The country’s health ministry has stepped in to coordinate the response to the outbreak. And the World Health Organization, Médecins Sans Frontières, Epicentre and others organisations have sent teams of specialists to assist.

As a result more than 1500 people have been vaccinated so far. But already 27 people have died since the outbreak was declared on May 8, 2018. Ours is a race against time – making sure we get to everyone who could possibly be infected before the deadly virus does.

Part of the team

Team members get dressed in full protective gear at the Ebola Treatment Centre. MSF/Louise Annaud

It’s not the first time that I have been part of an Ebola response. As the African representative of Epicentre – the research arm of Médecins Sans Frontières – I have been involved in Ebola response since 2012 during the Kibaale outbreak in Uganda.

At the time I led Epicentre’s Mbarara Research Centre. Then I coordinated the field and laboratory part of the clinical trial assessing vaccine’s efficacy, safety and performance on first line workers in Guinea during the Ebola outbreak in 2014 to 2015.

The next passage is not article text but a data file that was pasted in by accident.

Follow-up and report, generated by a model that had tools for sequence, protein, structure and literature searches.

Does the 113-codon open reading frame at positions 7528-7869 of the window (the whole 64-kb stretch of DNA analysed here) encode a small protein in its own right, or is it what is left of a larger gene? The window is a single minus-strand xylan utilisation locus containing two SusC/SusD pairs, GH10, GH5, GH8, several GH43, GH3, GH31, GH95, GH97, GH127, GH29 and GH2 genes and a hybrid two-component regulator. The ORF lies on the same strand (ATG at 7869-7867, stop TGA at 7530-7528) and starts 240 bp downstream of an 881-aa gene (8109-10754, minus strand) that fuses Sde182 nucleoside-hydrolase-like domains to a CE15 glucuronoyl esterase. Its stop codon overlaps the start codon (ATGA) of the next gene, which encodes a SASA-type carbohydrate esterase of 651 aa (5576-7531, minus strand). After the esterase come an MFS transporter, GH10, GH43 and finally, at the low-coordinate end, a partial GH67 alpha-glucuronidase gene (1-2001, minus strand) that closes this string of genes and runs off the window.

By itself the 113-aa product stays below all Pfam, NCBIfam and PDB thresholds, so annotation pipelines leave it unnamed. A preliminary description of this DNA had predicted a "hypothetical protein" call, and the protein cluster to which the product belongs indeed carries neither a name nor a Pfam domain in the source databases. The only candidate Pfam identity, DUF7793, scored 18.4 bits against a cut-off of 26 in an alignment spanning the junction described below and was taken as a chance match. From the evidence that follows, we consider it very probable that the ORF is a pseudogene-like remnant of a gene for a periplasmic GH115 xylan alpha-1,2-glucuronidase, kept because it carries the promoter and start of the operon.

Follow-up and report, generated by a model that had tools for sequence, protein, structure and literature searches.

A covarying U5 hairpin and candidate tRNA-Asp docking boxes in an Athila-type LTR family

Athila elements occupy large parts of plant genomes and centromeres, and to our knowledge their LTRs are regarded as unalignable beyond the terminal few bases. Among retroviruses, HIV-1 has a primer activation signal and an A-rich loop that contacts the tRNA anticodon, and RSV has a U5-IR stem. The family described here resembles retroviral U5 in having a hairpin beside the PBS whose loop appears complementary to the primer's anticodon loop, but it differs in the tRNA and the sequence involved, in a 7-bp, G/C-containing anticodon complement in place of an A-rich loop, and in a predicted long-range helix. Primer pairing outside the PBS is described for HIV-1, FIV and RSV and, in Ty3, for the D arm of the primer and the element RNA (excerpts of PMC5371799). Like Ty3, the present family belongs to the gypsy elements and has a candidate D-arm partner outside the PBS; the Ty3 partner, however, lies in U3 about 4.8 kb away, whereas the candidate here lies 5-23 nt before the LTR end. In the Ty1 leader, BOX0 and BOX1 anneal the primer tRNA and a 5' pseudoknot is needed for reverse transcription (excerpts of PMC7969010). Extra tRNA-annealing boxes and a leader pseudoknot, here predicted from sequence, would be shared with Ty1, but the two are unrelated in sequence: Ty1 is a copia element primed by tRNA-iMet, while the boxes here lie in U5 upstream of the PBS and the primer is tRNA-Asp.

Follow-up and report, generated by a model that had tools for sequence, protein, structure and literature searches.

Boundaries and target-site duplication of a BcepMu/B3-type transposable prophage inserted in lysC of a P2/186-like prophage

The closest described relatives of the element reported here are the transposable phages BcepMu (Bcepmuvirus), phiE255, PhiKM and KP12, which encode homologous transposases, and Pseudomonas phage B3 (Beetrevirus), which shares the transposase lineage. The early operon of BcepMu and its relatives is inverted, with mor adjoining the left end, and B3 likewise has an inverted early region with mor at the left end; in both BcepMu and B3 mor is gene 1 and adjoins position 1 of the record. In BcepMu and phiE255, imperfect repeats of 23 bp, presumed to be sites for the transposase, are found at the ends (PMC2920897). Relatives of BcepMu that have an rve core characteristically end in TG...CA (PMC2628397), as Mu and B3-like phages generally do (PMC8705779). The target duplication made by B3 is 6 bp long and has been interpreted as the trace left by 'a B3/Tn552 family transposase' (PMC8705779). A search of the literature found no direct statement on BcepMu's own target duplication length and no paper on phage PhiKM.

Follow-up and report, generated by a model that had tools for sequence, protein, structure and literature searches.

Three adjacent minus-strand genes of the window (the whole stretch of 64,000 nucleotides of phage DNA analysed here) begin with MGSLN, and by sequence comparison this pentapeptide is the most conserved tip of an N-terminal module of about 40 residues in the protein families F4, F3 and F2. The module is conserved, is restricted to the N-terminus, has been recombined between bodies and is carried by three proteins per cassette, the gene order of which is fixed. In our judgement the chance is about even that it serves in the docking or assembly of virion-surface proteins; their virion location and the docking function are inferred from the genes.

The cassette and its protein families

The vaccine was also considered during the 2017 outbreak in Likati in the DRC. But the Likati Ebola outbreak ended with a limited number of cases and the vaccine didn’t have to be used.

With the current outbreak in the DRC I came to the capital city, Kinshasa, two days after the outbreak was officially declared to assess the situation and see whether or not the vaccine could be part of the response.

The increasing number of cases and the fact that the outbreak had reached an urban area (Mbandaka) meant it was clear that the vaccine would be an additional tool for the response.